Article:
China is currently getting Aussie gas at a cheaper rate than hard-working, everyday Australians. And the reason is ridiculous.
Labor has won a majority to rule Australia for three years. Much of his victory was based on promises to help the cost of living for households.
There are two components to this. First, wages must rise faster than in ten years. The Albanian government seems willing to support stronger wage demands amid a fantastically tight labor market, so that’s a good thing.
The second part is: rising costs for goods and services† Can Prime Minister Anthony Albanian succeed in that area?
There is one point of good news. The global supply chain shock that drove up so much offshore commodity prices has all but disappeared. Ships, ports and trucks are all now flowing as normal and the prospect is for major price drops.
There is also good news in the worldwide production of consumer goods catching up with demand that falls as interest rates are being tightened around the world.
The US, in particular, has huge inventories of goods, so any consumer slowdown in the coming year will lead to global goods deflation.
But that always happened and the Albanian government really only enjoys a windfall.
Energy is the problem
The biggest problem facing the Albanian government is one of its own. It’s the extraordinary energy price shock hammering on the east coast economy.
Since the war in Ukraine, the global oil and gas prices have skyrocketed. We all feel that at the gas pump. What is perhaps less well known to Aussies is that the Australian gas price has followed suit.
Traditional Australian gas prices are $3 gigajoules (Gj). Currently the price is $35Gj. This is exactly the same price Europe pays Russia for its gas, a price gouge used as a weapon of war.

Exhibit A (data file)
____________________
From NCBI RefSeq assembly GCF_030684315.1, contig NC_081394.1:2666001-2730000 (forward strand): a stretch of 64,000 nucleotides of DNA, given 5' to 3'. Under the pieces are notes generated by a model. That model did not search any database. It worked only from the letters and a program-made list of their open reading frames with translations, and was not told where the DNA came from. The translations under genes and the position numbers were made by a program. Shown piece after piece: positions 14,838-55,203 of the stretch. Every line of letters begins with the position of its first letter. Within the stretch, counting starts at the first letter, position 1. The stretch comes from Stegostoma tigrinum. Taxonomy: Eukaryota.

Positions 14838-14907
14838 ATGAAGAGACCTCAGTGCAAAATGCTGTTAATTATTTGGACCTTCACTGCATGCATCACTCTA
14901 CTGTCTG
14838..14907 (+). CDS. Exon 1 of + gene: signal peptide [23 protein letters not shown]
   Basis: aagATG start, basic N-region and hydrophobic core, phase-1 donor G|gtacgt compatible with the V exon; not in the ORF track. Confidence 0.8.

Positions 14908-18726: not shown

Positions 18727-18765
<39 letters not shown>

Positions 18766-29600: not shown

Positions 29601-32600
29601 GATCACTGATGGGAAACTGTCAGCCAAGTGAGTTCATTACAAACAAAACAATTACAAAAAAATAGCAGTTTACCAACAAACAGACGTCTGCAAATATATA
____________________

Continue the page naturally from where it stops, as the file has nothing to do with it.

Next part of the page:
But Europe does not have its own gas and therefore has no choice. Australia has gas. Loads and loads thereof. Much more than we could ever need. It is popping up for $1Gj across QLD and SA.
But what happens to it then is beyond all hope and reason. Three quarters of it is shipped to China as LNG for $31 Gj, $4 Gj cheaper than sold locally.
This is the crazy world of the East Coast gas export cartel that is deliberately starving the local gas market to drive up prices at home, while also forcing prices on China.
To make matters worse, the gas cartel pays no tax for this, and in the final kick for any person east of WA, it drives up electricity prices because gas-fired power plants determine marginal costs in that market too.
To put it bluntly, every Australian east of the WA border is currently being forced to pay a huge and high energy tax that will drive up the cost of absolutely everything. WA is OK because it has a domestic gas reservation policy so the local price is less than $6Gj!
And we’re doing this as a subsidy to the Chinese economy, while that country in return causes all kinds of economic and geopolitical damage to Australia.
Gigantic CO2 tax
There is a very simple solution to this curious form of cost-of-living self-abuse. It is called the Australian Domestic Gas Reservation Mechanism (ADGSM).
Installed by Malcolm Turnbull when the local gas price hit a measly $20Gj in 2017, it’s a contract with the cartel that forces it to leave more gas here so the local price crashes to acceptable prices around $7Gj.
But with this master agreement already in place, the trigger ready to pull, with the cost of living in full swing and severely exacerbated by the energy inflation shock, new Labor treasurer Jim Chalmers has already stated that “electricity prices are the pointed end to the cost of living crisis,” but says he will instead rely on measures to boost renewables to drive prices down.
This will eventually work. But it will take years as everyone’s energy bills spiral, every producer of goods and services east of WA tries to recoup costs with higher retail prices, and the RBA is forced to make things worse with rate hikes.
In fact, Labor is allowing an energy cartel to impose a massive private carbon tax amid a cost-of-living crisis, when the roll-out of renewables does happen.
You might ask your local member why the Albanian government allows this caricature of economic mismanagement.
David Llewellyn-Smith is chief strategist at the MB Fund and MB Super. David is the founding publisher and editor of MacroBusiness and was the founding editor and editor of The Global Economy of The Diplomat, the leading portal to geopolitics and economics in Asia. He is the co-author of The Great Crash of 2008 with Ross Garnaut and was the editor of the second Garnaut Climate Change Review. MB Fund is underweight Australian iron ore mines.
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